Some may argue that what follows has little to do with social enterprise or the wider third sector. I disagree. Inequality is of critical interest to all organisations that are committed to giving practical expression to equality both in what they do and in the employment practices they operate.
And this is why Making Devolution Work for Women: West Midlands Data Report, new research just published jointly by BVSC, The Fawcett Society and West Midlands Women’s Voice, is so important. Focusing on the West Midlands, one of the ten devolution deals so far struck with the government, the report looks at devolution through the lens of gender equality and finds that judged against any measure you might care to choose — employment levels, skills, pay, caring responsibilities and, yes, even transport (such a prominent feature of the WM deal) — devolution is not delivering for women.
The report finds that women in the WM are paid on average 13.9% less than men. They are also less likely to be employed than men — there is a gender ’employment gap’ of 12.4%, wider than the UK, and widening while the UK gap is gradually closing. Only 10% of better paid jobs in the WM are advertised as flexible and thus more likely to accommodate women with caring responsibilities. And perhaps needless to say, all of these factors hit women from BME backgrounds hardest. White women have an employment rate of 67.8% across the WM, but amongst women from all BME groups the employment rate is only 48.5%. Black and Black British women have an employment rate of 56.8% while amongst Pakistani and Bangladeshi women this tumbles to only 35.7%.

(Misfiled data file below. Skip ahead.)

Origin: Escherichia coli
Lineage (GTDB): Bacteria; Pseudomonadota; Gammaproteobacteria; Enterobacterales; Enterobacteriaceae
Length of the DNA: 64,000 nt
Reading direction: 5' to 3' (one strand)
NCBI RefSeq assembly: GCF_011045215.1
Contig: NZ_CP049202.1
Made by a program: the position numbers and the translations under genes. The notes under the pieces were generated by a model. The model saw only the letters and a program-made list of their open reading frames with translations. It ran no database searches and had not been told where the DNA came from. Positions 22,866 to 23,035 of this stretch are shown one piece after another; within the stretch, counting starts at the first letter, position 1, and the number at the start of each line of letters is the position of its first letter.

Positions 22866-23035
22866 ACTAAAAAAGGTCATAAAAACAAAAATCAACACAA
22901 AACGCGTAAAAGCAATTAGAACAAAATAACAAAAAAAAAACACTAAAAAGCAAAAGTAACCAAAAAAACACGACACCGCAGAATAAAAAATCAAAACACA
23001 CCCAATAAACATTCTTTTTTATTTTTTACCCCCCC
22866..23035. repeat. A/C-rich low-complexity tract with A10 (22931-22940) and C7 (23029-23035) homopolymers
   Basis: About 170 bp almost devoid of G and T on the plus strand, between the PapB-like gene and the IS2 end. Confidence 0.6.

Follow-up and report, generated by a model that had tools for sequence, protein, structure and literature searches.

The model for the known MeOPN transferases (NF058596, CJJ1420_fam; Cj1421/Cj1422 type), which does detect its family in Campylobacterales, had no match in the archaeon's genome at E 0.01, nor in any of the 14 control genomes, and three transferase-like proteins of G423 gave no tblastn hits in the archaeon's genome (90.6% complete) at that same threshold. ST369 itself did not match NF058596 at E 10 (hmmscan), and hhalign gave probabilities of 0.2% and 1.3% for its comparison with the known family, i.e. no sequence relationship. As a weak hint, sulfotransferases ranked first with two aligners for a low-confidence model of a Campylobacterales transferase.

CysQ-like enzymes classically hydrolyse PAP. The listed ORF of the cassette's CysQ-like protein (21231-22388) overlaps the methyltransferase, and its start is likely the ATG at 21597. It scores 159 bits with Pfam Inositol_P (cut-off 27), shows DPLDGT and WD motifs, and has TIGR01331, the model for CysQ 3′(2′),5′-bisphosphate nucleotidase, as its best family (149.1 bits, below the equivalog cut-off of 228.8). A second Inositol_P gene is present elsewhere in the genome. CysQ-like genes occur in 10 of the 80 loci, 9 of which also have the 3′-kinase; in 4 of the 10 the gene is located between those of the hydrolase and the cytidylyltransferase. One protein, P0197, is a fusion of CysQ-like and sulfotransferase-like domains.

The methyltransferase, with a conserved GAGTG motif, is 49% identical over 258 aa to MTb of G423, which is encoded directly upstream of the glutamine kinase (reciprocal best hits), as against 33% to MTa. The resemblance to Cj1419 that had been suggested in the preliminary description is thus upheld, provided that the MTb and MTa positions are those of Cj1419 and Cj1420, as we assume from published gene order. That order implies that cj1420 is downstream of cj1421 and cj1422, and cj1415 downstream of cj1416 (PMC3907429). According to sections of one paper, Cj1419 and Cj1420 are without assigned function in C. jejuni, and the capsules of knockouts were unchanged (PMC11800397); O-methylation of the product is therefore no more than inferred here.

We also know from TUC research published in 2015 that the West Midlands has a major problem with low pay, including entrenched low pay hot-spots across the region.
But this research is important for other reasons too. While the WMCA is making substantial efforts to engage more widely in developing policies that will meet its inclusive growth agenda this research offers a practical starting point to anyone who might be struggling — like me — to work out what priorities one should expect to see “inclusive growth” addressing. It also performs a further huge service. For too long ‘devolution’ has been the preserve of local government policy anoraks; the publication of this data gives us a much needed critical framework in which to assess devolution, and the importance of this cannot be overstated.
If we are to have economic growth policies in the West Midlands capable of promoting inclusive growth then this surely has to mean policies that actively reduce inequalities rather than widen them, as seems so often to be the outcome when economic growth is the primary or over-riding consideration.
I think it’s fantastic to see BVSC, The Fawcett Society and West Midlands Women’s Voice working together on this and everyone involved should be congratulated.
One final point must be made, however. If this report is treated only as a stick with which to beat the WMCA, its impact will be limited. The task now is surely to try and ensure that its concerns are embedded not just in every aspect of the WMCA’s policy-making apparatus but also in its politics.